By Wanda G. McKnight, RHIT and Angie Madden, CHC
Tennessee HIM professionals have worked for years to build positive relationships with physicians. ICD-10 offers another chance for collaboration.
Healthcare is inherently a stressful, fast-paced, and diverse industry. Naturally there will be times where different healthcare professional factions can forget they all work on the same team with the same purpose-helping patients.
Healthcare issues can get divisive, and cause healthcare professionals to disagree on what is the best path forward for the industry. The move from ICD-9-CM to ICD-10-CM/PCS is one of those divisive issues that has, in some cases, pitted the opinions of physicians against those of HIM professionals. Many HIM professionals spoke out against a delay in the compliance deadline for ICD-10, while many physicians called for an extended delay or a complete abandonment of the new code set.
Hoping to bridge their disagreement, some HIM professionals have been reaching out to local physicians to hear their concerns on ICD-10 and discuss the various viewpoints firsthand.
The goal is to build a strong relationship with physicians, offer help, and in the process educate them on the benefits ICD-10 could bring to the healthcare industry.
In Tennessee, HIM professionals with the Tennessee Health Information Management Association (THIMA) have been working for years to build a strong relationship with the Tennessee Medical Association (TMA). The pending switch to ICD-10 provided THIMA another opportunity to build on that relationship and directly assist physicians with their coding conversion questions and concerns. The initiative has benefited each association equally, and AHIMA officials have suggested that other state HIM associations should take up similar initiatives to enhance HIM professionals’ vital alliance with care providers in this whirlwind era of change.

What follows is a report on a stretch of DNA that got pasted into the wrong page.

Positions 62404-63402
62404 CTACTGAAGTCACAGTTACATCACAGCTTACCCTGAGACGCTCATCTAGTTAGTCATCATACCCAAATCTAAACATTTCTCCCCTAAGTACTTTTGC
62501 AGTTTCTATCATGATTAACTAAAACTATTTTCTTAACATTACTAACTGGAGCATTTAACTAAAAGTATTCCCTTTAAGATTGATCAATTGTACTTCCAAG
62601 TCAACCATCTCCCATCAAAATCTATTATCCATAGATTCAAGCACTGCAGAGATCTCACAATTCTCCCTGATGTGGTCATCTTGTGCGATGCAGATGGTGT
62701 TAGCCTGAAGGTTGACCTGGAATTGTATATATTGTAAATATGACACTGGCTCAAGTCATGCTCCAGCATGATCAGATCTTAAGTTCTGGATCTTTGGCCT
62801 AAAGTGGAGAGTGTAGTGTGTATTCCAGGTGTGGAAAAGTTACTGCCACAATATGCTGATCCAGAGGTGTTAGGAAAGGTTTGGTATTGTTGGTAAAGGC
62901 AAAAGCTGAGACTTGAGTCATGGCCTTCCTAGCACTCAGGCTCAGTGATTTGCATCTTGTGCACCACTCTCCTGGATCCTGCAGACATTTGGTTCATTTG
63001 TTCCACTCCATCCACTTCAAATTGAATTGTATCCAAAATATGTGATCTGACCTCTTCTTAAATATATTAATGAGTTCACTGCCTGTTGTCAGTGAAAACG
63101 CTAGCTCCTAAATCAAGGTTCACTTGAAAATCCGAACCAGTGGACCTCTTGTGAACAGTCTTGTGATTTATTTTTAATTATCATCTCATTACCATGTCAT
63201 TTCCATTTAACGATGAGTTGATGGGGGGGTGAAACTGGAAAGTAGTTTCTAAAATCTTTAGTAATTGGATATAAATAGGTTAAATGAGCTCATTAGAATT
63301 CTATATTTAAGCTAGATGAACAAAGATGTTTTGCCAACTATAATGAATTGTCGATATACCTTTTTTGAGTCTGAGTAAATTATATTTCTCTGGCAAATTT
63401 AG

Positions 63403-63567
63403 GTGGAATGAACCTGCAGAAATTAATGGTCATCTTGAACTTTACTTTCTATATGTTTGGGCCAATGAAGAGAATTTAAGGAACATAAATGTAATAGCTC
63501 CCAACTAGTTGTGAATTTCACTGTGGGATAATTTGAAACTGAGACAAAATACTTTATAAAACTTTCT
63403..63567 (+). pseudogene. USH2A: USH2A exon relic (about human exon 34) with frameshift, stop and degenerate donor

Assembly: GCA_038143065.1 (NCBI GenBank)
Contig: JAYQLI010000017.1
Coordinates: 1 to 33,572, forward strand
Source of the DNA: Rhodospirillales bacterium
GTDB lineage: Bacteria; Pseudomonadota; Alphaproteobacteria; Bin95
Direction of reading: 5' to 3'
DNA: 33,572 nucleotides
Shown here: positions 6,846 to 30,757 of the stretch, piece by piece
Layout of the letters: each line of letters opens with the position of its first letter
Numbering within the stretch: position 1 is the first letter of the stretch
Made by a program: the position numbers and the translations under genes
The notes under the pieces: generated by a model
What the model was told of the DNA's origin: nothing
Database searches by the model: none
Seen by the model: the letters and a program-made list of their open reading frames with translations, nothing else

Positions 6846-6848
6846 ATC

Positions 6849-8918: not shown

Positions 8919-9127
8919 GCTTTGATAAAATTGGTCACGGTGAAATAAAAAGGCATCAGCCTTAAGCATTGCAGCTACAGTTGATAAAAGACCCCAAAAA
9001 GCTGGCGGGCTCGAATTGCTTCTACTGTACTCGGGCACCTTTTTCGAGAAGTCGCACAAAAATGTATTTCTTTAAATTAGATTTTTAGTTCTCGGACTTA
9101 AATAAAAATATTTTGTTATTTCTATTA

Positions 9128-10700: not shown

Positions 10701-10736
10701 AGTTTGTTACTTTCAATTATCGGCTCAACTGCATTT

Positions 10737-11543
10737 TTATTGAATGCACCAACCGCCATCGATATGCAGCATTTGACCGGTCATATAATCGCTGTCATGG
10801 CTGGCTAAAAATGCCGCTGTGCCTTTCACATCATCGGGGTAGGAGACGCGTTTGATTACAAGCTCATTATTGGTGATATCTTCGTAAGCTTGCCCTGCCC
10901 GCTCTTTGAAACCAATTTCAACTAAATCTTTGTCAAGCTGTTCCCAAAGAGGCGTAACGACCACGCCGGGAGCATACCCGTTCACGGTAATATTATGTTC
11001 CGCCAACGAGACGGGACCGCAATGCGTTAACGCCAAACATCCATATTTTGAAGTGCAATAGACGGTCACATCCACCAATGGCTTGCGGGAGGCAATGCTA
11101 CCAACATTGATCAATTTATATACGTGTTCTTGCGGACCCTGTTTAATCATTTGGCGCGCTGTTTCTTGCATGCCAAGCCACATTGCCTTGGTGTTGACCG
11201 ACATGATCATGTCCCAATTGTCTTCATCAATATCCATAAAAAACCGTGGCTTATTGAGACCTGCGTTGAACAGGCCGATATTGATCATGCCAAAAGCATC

Fostering the HIM–Physician Relationship
While only about 10 percent of THIMA members are employed in physician practices and ambulatory surgery centers, that number is growing, and the vast majority of HIM professionals interact with physicians on a regular basis. THIMA officials determined an alliance with the TMA, similar to the alliance they formed with the Tennessee Hospital Association years earlier, was something that could elevate HIM members’ status and increase awareness of the HIM profession with physicians.
The Health Insurance Portability and Accountability Act (HIPAA) was seen by THIMA leaders as an opportunity to reach out to TMA and offer HIM expertise. THIMA leaders first reached out to TMA in the late 1990s and began a dialogue about the HIPAA privacy rule.
As a first gesture of help, THIMA in 2000 offered to assist TMA members in rewriting the Rules of the Board of Medical Examiners relative to medical records in order to bring physicians into compliance with the HIPAA privacy rule. The existing rules did not address the content, transfer, retention, or destruction of records, nor did they reference the Tennessee statutory privacy rules.
Fortunately, the newly employed legal counsel for TMA had previously worked with the Department of Health and Human Services and was aware of THIMA through prior initiatives. This prior knowledge helped break the ice and further fostered the relationship. Several of THIMA’s best HIM professionals with expertise in HIPAA gathered to rewrite the rules, and the resulting document was accepted and approved by TMA with modest changes. The Rules of the Board of Medical Examiners were now HIPAA-compliant, and just as importantly they mirrored the existing statutes for maintaining, retaining, and releasing health information in hospitals. Finally in Tennessee, health information would be treated the same regardless of healthcare setting.
As time progressed, THIMA received the occasional opportunity to partner with TMA to support legislation or regulations that had an impact on HIM. Though partnerships were sporadic, THIMA made a concerted effort to stay in touch with TMA.
Statewide eHealth and health information exchange (HIE) initiatives provided THIMA with the next opportunity to interact with TMA. Leaders from both organizations served on the same workgroups and in the same meetings to discuss and develop policies for HIE between Tennessee healthcare providers.